Let’s talk about sin (taxes)

The Newfoundland and Labrador provincial government has made great progress with their recent budget, especially with both the implementation of all-day Kindergarten and the transition of student loans to grants, which provide large net benefits for individuals who can avail of those services. However, it is also important to highlight some of the low points of the budget that have not received much attention. One such low point, which notably sticks out like a sore thumb in an otherwise sound budget, is the tax hike on cigarettes and tobacco products.

The six-cent per kilogram increase on tobacco and the three-cent per cigarette increase are both examples of “sin taxes”—that is, taxes levied on goods which society considers undesirable. In doing so, it is assumed governments wish to deter individuals from consuming these products. However, in the case of cigarettes and tobacco, such tax increases are not effective. Instead, they present negative consequences for all residents of Newfoundland and Labrador.

The most notable flaw with the implementation of sin taxes is that it is regressive, with studies showing that it hits poorer users four times harder than it does the wealthy. Combining this with the fact poorer individuals are nearly 50 per cent more likely to smoke than their wealthier counterparts, it shows that such a tax increase does more to hurt poor families than it does deter their consumption. As an inelastic, strongly addictive good, individuals are going to consume the products regardless of the price—except, in the case of the poor, they are going to lose their ability to consume other necessary goods, which could be as important as fresh fruits or vegetables for their kids.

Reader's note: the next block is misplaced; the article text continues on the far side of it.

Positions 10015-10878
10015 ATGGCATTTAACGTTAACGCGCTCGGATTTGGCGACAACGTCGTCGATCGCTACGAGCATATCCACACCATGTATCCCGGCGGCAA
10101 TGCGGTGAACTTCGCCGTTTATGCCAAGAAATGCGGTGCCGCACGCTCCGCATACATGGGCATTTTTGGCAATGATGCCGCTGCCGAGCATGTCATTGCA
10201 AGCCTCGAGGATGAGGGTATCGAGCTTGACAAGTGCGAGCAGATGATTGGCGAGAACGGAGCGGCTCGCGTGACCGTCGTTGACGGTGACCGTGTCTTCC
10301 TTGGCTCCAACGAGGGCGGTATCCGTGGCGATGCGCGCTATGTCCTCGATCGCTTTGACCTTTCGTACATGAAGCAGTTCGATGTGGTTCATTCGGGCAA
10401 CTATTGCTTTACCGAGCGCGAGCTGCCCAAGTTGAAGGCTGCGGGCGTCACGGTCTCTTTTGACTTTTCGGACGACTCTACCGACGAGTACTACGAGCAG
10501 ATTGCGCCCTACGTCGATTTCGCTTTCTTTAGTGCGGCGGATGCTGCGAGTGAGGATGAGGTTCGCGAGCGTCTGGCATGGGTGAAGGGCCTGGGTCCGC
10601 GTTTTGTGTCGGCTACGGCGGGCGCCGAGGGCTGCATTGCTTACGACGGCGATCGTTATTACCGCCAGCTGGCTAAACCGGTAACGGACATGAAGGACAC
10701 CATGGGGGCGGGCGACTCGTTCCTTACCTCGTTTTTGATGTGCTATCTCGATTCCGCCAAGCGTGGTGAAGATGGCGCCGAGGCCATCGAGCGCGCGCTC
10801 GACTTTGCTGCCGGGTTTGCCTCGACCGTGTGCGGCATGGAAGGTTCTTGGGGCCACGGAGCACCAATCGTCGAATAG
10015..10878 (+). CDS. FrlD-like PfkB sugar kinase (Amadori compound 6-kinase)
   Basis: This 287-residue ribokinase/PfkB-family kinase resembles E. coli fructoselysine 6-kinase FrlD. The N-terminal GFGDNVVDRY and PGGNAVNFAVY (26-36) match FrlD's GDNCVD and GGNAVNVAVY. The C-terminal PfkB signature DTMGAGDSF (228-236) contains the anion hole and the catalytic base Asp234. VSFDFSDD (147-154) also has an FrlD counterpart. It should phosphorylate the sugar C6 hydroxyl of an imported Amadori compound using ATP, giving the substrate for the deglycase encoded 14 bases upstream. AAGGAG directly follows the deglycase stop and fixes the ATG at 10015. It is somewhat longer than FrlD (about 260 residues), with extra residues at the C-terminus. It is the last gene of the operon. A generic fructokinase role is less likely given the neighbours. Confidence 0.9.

There are also various long-term issues with increasing sin-taxes, and, as this is the second tax increase within the last year, we risk facing some of these issues. Perhaps the most severe long-term issue is the effect that sin-taxes can have on establishing a black market. As seen in the late 80s and early 90s, substantial tax increases on tobacco products led to an increased consumption of contraband tobacco products within Canada, and was not resolved until the federal government mandated many tax decreases on these products. While these increases may not have quite the same effect, we could even see similar effects on a smaller scale—such as residents of Labrador opting to cross borders to Quebec, where tobacco prices are cheaper. In both scenarios, the provincial government would be faced with decreased revenues, while failing to deter the consumption of these products as per their objective.

Ultimately, the provincial government did many rights within this budget, however, this tax increase was not one of them. The most equitable way to decrease tobacco consumption is to offer increased health care funding for tobacco cession funding. While they set aside $720,000 for this, that’s simply not enough to off-set the damage brought on by these sin taxes. The provincial government should be helping at-risk individuals quit smoking without the implementation of such a poor-punishing regressive tax.